Bankruptcy and the Franchise Agreement
by Jason B. Binford
The principal issue in any bankruptcy case involving franchise issues will be the effect of the filing on the franchise agreement. As with most contracts, the party filing bankruptcy—the debtor—has two options. The debtor may assume the franchise agreement, obligating the debtor to pay all past due amounts and to continue performing for the agreement’s remaining term. Alternatively, the debtor may reject the franchise agreement, allowing the debtor to walk away from its obligations under the agreement and generally leaving the non-debtor party with only an unsecured claim in the bankruptcy case, often payable at pennies on the dollar.
The nature of a franchise agreement adds an extra layer of complication to the assumption/rejection framework. By definition, a franchise agreement involves a trademark license. The effect of rejecting a contract that includes a trademark license will depend on whether the debtor is the licensee (i.e., the franchisee) or the licensor (i.e., the franchisor). A franchisee’s rejection of a trademark license follows the normal contract rules: the franchisee loses all rights under the agreement—including the right to use the trademark—and the franchisor files a claim in the bankruptcy case for damages resulting from the rejection.
If the franchisor is the debtor, rejection of the trademark license may not follow this well-worn path. The Bankruptcy Code provides protection to licensees of “intellectual property” when the licensor files bankruptcy and attempts to reject the license. The policy reasoning is that—since the licensee’s business very often centers on the license—permitting a rejection under the normal framework would immediately drive the franchisee out of business.
Bankruptcy Code section 365(n) provides that, upon rejection of such a license, a licensee is presented with a choice. The licensee may follow the normal rules by treating the license as terminated and filing a claim. Alternatively, the licensee may elect to continue using the license, subject to certain restrictions, for the remainder of the term, notwithstanding that the licensor rejected the license. Unfortunately for franchisees, case law has not made clear whether Section 365(n) applies to trademark licenses. Specifically, Section 365(n) relies upon the definition of “intellectual property,” set forth in Section 101(35A), which excludes trademarks. Therefore, while patent and copyright licensees clearly have the right to make the Section 365(n) election, the rights of trademark licensees are less clear. Franchisees wishing to make the Section 365(n) election typically will walk the bankruptcy court through the potentially devastating effect of rejection on the franchisee’s business and the policy that Section 365(n) was enacted to protect against such harsh effects.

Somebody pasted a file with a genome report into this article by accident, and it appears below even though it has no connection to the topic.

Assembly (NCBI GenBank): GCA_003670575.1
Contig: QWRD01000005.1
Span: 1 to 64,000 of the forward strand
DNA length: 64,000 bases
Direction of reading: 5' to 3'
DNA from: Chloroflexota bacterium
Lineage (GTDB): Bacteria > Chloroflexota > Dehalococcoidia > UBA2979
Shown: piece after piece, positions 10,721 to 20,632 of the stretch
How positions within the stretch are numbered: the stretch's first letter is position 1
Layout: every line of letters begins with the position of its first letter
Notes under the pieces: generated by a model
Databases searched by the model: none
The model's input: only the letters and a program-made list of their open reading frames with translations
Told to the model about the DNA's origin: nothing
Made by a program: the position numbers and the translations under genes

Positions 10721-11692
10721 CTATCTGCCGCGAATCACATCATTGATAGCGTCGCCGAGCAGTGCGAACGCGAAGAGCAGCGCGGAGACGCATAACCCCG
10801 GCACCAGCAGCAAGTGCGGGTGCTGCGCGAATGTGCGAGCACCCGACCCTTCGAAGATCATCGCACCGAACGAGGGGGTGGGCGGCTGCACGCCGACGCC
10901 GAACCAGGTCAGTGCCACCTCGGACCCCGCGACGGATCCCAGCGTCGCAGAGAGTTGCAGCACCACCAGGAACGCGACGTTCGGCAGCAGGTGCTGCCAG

The fact that a franchise agreement involves a trademark license may also complicate a franchisee’s attempt to assume and assign the franchise agreement in the bankruptcy case. The general bankruptcy rule is that provisions in a contract prohibiting assignment will not be enforced. The policy reasoning is that assigning a valuable contract may be a significant source of recovery to the debtor’s creditors, and the non-debtor party to the contract should not be given the unilateral right to preclude such recovery. The exception to this general rule provides that contractual anti-assignment provisions will be enforced if “applicable law” excuses the non-debtor party to the contract from accepting performance from anyone other than the debtor. The classic example of such applicable law is state contract law governing personal service contracts.
However, in addition to personal service contract law, many courts have included federal trademark law within this exception to the general rule. Because trademark law generally precludes assignment of the license without licensor consent, this interpretation would preclude debtor franchisees from assuming and assigning the franchise agreement over the franchisor’s objection. There is a basis for a franchisee to make the argument that trademark law should not be included within the exception regarding the enforcement of anti-assignment provisions. Franchisees should be aware, however, that such an argument would be made against the majority viewpoint by courts that trademark licenses cannot be assigned in bankruptcy.
A court’s finding that a trademark license is not assignable in bankruptcy could also, depending on the jurisdiction, lead a court to conclude that the license cannot even be assumed by the debtor licensee, whether or not the licensee seeks to assign the license. The inability to assume a franchise agreement typically would preclude any possibility of reorganization. How the applicable jurisdiction interprets this issue therefore is very significant for franchisees contemplating a bankruptcy filing.
Jason B. Binford is an associate at Kane Russell Coleman & Logan PC. He can be reached at firstname.lastname@example.org.